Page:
The chapter on morality sums it up pretty well.  We are moral not because we Level 2 makes us more moral, and Level 1 is all immoral and impulsive.  We are moral, because our sense of morality is embedded in our DNA and at a visceral level at Level 1.  In other words, if you divorce people from Level 1, not only do they stop protecting their interests and the interests of their loved ones, but they also stop being moral.  And this is exactly what has happened.  The more you educate people or make them operate at Level 2, the more you can convince them to do immoral things.  By filling up their minds at Level 2, you cut them off from their moral feelings at Level 1.  As Stalin may have said, a thousand deaths is a statistic, a single death is a tragedy.  Whether you like to admit this or not, Americans have become virtual sociopaths by supporting a government that steals, lies, cheats, and murders on behalf of them and our so-called national interests.  We either do not vote or vote for one of two parties that both support all this stealing, lying, cheating, and killing.  Our system is rigged for the elite, and instead of resisting them, they simply divide us in two ends of a political spectrum that is manufactured to separate us almost evenly. 

  * * *

 The author promotes politics that focus on social support networks as the foundation of building character in individuals, but he just doesn’t get it.  You leave people alone, and they form their own social support networks.  You don’t need Big Brother leading the way, setting up programs to encourage it, or redistributing wealth to pay for it.  The focus on individual liberties is not about individualism.  You could just as easily call it social liberties, liberties that allow us to interact socially with one another freely, but applied to each individual.  When you have a free person, that person does not revert to his reptilian savage past.  This whole book is about trying to explain this and the author misses this point completely.  When you liberate the individual, and when you have a free human, since that human is fundamentally a social animal, that human will behave socially.  That social behavior, multiplied by all individuals, creates a socially-cohesive society.  The only role for government is to enforce these social liberties.  If I take away your social liberty of freedom of movement by kidnapping you, only then should government detain and punish me for infringing upon your liberty.  Government shouldn’t be setting up social clubs for people to meet one another.  We can fucking handle that by ourselves thank you very much.

 By the end of the book, I was exhausted by all the social “science” stats and references along with the entire life of Harold and Erica.  Both are miserable people.  Harold an alcoholic and Erica a high power CEO sycophant who winds up working for the White House and going to Davos and eating caviar and sipping champagne with the world’s most deluded, narcissistic, entitled, misguided assholes who wrongly internalize their success.  The only positive points to their lives are when they are immersed in artistic, intellectual or social endeavors.  Otherwise, they are atomized, automatons searching for meaning where it doesn’t exist.  Success, status, power, money, all bullshit.  That should be the moral of the story, but it seems to me the author is confused and keeps arguing that ambition and success are inherently desirable, but he doesn’t ever say to what good end except getting a better education and making more money which is a rather circular argument, because that’s what leads to success in his view.  So you work your ass off so your kids can afford college so they can work their ass off so their kids can afford college.  Makes a shitload of sense?  Just as with K-12 education, college shouldn’t be expensive and frankly, three years are just as good as four.  What makes everything expensive are facilities, athletic programs, unnecessarily elaborate shops and labs, administrative bullshit, textbooks, and subsidizing pointless research that proves three in four social studies comprise 75% of all social studies.  The modern education system K-grad school is a huge bullshit, over-priced scam created to not only enslave the masses but also the professional middle class.  If you are a professional middle class person, and you haven’t thought about this, you are proof that even white collars can be brainwashed.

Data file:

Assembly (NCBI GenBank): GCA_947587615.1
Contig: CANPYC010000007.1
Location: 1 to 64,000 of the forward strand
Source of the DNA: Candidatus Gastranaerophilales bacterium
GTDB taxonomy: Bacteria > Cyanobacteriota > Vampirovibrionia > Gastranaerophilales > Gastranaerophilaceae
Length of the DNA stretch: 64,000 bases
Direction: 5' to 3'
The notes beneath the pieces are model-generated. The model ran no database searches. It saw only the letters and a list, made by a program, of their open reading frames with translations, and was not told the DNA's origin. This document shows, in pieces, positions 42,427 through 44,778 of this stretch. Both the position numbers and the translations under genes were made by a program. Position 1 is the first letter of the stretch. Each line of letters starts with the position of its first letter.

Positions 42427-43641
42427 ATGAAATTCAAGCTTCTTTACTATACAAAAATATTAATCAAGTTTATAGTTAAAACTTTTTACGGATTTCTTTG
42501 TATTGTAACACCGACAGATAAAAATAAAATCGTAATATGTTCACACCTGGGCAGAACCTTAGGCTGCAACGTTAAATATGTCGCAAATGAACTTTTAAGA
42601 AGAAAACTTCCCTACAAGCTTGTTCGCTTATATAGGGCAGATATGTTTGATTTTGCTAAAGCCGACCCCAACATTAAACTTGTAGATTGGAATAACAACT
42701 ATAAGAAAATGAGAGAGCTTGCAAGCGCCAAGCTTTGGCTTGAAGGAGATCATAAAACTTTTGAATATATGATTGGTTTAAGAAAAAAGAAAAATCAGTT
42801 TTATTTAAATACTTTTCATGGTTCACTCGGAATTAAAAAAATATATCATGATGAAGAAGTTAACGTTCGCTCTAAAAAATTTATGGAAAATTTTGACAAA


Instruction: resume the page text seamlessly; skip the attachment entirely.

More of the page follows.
I don’t believe the author uses Harold and Erica as his stooges, because he throws out social “science” data in favor of arguments that contradict other arguments he makes.  The author is simply confused, especially in the last few chapters on politics.  He applauds American Presidents who were total hypocrites and had slaves, supported the stealing of land from Indians, Manifest Destiny, suspension of civil liberties, you name it.  He blames urban sprawl on the free market and forgets the heavy hand of government in subsidizing highways and developers.  He doesn’t even mention the banking cartel AKA the Federal Reserve.  The author has drank some of the Kool-Aid, but not all.  More importantly, he’s revealed the odd beauty of social “scientists” coming to the realization that much of their work is horseshit.  We are mostly our unconscious processes, we are mostly social animals, and what our inner-voice, conscious mind has to say is mostly bullshit and after-the-fact rationalizations for a complex system they can neither understand nor control.  While our brains belong to us individuals, our minds belong to the networks that we grew into interacting intimately with our DNA.  I wish everyone was required to read this book.  (I just read the subtitle.  Achievement.  Doesn’t belong there.  Achieve what?  Money, power, wealth?  What the hell is the author talking about?)